Google opens Maps for editing
Google has brought the idea of user-generated content a step further with its plans to allow users to edit Google Maps to make it more accurate.
The new functionality will allow those with a Google account to make changes to markers, which indicate business or residential listings on Google's local maps service, dragging them to a more accurate location.
However, this will be limited to ensure that the new feature is not abused. For example, users will be unable to edit any markers where a business's location has already been verified through Google's Local Business Centre. And if your new edit shifts a marker more than 200 metres from Google's original placing, a review system will kick in to double check it.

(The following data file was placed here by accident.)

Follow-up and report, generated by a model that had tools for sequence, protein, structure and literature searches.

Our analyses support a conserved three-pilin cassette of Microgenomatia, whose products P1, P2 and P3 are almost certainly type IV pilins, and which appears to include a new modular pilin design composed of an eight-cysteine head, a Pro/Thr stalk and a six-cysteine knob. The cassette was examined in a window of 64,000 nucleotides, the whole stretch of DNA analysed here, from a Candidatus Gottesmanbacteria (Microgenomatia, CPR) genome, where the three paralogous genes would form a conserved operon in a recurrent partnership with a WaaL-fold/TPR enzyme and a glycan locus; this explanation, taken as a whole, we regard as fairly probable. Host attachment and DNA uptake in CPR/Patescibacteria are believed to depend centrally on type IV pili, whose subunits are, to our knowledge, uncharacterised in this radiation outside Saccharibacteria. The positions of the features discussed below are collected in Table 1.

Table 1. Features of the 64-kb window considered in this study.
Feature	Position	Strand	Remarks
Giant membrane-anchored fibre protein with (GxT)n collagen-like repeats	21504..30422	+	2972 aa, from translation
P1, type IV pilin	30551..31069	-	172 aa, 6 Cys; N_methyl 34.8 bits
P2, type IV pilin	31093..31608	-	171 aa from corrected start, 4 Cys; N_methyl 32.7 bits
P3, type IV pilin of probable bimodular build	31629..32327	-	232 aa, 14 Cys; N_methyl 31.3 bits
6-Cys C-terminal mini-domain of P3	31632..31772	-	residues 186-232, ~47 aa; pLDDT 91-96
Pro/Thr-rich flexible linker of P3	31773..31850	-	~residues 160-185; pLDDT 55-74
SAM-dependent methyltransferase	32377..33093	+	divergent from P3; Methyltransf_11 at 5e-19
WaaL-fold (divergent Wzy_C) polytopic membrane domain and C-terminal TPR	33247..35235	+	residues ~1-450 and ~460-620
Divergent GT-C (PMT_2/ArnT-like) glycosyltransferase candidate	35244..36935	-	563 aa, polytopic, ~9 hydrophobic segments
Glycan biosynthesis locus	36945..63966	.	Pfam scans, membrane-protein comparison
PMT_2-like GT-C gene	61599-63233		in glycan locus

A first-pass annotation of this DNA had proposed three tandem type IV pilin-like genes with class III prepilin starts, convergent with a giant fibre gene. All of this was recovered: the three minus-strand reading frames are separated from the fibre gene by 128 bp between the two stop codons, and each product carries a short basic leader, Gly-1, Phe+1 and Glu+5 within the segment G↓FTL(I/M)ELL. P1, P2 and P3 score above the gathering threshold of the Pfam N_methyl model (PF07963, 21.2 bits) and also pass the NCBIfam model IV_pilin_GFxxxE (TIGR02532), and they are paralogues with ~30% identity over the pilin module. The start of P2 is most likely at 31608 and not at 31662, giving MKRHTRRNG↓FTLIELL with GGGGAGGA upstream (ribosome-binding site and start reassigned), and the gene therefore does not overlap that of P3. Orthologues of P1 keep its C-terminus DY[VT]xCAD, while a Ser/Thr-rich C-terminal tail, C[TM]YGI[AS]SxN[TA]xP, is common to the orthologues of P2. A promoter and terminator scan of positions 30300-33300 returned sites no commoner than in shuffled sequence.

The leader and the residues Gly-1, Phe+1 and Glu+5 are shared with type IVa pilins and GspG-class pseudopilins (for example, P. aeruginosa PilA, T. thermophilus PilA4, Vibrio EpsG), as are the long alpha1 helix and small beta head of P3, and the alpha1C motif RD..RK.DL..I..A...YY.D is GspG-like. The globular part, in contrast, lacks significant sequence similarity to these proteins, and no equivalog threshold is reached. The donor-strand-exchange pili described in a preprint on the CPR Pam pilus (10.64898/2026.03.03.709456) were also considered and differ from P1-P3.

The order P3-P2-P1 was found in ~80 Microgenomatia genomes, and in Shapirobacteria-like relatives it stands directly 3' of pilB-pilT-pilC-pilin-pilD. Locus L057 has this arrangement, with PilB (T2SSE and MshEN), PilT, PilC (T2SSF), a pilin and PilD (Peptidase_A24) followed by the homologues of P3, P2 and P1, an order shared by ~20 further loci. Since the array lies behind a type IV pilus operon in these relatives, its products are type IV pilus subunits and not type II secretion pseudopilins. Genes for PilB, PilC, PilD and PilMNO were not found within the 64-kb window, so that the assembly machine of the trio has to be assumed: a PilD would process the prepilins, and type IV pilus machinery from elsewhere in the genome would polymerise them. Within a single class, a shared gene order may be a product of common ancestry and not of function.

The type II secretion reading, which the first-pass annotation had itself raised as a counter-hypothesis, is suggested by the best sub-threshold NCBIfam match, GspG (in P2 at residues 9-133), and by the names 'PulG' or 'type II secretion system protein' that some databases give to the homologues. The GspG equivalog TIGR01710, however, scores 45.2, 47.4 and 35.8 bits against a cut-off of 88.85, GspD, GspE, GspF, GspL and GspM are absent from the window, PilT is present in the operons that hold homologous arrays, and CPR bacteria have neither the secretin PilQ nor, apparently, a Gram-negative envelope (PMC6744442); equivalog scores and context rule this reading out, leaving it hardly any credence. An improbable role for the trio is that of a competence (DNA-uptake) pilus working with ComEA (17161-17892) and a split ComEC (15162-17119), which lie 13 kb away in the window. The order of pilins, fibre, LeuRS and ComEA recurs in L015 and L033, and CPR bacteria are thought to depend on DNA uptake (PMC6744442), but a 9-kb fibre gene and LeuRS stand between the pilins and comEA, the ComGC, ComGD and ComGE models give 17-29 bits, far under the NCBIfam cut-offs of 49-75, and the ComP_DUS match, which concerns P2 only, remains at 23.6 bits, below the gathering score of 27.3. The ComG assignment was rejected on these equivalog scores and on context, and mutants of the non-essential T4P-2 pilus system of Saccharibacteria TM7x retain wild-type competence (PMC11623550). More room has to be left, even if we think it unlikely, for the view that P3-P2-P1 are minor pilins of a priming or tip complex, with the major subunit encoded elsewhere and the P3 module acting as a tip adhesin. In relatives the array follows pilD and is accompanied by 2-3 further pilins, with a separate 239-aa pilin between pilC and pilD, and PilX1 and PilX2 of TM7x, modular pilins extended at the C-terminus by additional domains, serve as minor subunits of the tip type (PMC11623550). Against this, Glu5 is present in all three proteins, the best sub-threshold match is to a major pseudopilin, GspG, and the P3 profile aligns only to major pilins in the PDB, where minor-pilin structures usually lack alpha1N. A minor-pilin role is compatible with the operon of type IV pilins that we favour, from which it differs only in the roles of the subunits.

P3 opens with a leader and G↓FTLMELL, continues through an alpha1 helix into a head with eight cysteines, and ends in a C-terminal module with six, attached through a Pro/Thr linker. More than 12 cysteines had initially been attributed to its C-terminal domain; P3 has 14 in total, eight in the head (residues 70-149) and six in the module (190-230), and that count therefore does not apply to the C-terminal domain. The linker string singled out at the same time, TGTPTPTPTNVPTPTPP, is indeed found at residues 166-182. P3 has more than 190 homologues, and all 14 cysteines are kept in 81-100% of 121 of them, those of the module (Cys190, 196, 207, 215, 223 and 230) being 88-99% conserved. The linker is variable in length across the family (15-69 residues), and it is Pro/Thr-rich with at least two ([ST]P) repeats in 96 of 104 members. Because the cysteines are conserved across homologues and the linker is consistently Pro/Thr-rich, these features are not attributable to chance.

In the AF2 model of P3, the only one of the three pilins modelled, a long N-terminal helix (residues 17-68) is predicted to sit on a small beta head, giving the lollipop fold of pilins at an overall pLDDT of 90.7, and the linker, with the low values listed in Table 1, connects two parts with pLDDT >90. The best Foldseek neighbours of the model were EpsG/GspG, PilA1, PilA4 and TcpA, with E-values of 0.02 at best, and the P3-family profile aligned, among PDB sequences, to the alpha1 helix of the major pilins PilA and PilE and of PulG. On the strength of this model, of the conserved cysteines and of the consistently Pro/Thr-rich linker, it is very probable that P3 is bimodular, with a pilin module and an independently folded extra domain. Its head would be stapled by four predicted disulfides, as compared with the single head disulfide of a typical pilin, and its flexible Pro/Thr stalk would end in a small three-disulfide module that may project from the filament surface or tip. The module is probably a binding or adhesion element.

Google will also keep a history of any alterations made to the markers, via a mini-map that displays the new locations and the original Google-placed one. Users need to be signed in to make changes, but before privacy groups take up the cause, other users will not be able to see your full username, but rather only the first two letters.
"Whenever you find a recently-moved address or business, you'll see a 'Show original' link you can click to see where the marker was originally. If it's in the wrong place, just move it to the right one," said Google Maps software engineer Seth LaForg on the Google LatLong blog, the official blog for Google Earth and Maps.
The system is limited at present to maps of the US, Australia, and New Zealand.
© 2007 ENN
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